Subramaniam was written in an easier to read, engaging story. Arnold was the classic poetic translation. Paramahansa Yogananda wrote his own interpretations of select stanzas from the Gita.

    I didn’t believe the literal books. At the time I was a monk reading these, I was trying to study the relationships between characters, the devotion to the teachers, and the yoga aspects. Most of these tales could not be taken too seriously, literally.

  4. @SkepticMed,
    Thanks for the sources for those books. Subrmaniam’s abridged retelling was on my list of translations, now I will put it on my list to read. It is 870 some pages, so I can see why I did not buy it yet. But maybe after working on this readers-guide to Jaya, I will get it.

    Translations of the Gita is another issue. Last night I was reading Zaehner’s. Arnold’s poetry seems great and the translation very helpful. I put it on my list too.

    Curious: after years in Christianity and then leaving, many ex-Christians, as a sort of hobby, are still interested in reading controversies about the Bible and such. Do you presently have any relationship with those texts which you once held in high regard?

  5. @Sabio: On rare occasions I may pickup the Autobiography of a Yogi for critical research purposes. I’d started a skeptic’s guide to the Autobiography of a Yogi book, but put that on the back-burner after the first 2 chapters.

    The texts I once held sacred I now think are fantasy writings or morality tales of the poetic imagination. I don’t take them seriously myself anymore except as curiosities as to why I once did take them so serious, and what makes others do so.

  6. @ SkepticMed,
    Fascinating — that may be good blog material for you perhaps:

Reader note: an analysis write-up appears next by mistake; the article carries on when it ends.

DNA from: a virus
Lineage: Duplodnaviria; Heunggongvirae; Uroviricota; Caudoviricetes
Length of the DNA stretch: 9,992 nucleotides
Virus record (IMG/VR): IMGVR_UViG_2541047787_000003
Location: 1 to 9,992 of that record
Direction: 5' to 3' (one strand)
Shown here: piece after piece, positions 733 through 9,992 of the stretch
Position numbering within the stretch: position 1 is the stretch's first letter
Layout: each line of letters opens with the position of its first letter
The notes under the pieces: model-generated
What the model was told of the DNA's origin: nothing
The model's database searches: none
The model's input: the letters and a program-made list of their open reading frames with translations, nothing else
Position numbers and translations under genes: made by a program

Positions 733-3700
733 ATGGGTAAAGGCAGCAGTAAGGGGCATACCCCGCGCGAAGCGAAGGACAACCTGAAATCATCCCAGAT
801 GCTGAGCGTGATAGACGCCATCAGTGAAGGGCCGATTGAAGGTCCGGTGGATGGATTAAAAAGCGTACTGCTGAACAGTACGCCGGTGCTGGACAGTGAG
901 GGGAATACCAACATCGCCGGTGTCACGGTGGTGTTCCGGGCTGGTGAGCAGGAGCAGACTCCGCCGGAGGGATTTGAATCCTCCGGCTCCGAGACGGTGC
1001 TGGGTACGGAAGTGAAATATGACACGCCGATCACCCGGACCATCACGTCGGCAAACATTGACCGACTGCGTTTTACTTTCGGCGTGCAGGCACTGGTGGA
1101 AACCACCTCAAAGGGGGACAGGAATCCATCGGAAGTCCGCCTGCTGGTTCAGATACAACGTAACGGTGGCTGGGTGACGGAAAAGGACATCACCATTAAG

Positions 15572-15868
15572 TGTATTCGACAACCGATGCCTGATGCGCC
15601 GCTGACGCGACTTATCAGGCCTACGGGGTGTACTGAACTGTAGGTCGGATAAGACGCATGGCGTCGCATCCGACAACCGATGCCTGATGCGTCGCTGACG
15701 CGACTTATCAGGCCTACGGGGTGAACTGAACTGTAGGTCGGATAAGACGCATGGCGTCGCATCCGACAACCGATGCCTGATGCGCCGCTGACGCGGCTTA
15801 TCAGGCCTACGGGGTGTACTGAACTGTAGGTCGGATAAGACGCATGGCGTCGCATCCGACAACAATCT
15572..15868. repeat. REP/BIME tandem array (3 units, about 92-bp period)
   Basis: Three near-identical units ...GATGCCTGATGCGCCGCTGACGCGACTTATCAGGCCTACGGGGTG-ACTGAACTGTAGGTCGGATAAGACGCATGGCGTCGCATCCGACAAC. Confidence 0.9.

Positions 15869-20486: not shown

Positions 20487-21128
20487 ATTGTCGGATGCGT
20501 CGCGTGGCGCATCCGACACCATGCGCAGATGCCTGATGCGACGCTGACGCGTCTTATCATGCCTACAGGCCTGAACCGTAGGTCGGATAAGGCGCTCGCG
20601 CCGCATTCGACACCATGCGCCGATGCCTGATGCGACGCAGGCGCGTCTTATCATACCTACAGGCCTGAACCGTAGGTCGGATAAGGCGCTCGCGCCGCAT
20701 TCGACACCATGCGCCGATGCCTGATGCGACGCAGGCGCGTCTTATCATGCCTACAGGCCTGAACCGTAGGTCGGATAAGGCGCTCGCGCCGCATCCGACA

“When Sacred Disappears”: looking at texts differently

    Curious, why did you stop the Skeptic Guide to the Autobiography of a Yogi book?

  7. @Sabio: Thanks for your suggestions about topic: When Sacred Disappears. I’ll have to wrap my head around that topic and see what pops out. Know of any source/posts you have on that topic?

    I recorded audio readings of the Autobiography of a Yogi (AY) and added my commentary including interesting factoids and opinions from various sources, from my personal experiences in the Self-Realization Fellowship (SRF) order, and especially emphasizing many contradictions in the book’s/author’s claims. My intention was to first publish a series of 3-5 podcasts and then respond/adjust to any feedback from listeners.

    FYI– the first ed of the AY is in the public domain, so I can use that version without copyright issues. Some people claim the first ed is more true the author’s intents and purposes, as subsequent editions were heavily edited and sanitized by his institution, SRF.

    At this point, I have more ideas than time to implement them. But, would very much like to publish audio podcasts and reduce blog posts/or repurpose blog for audio elaboration. I don’t know if it’s worth all the time or not.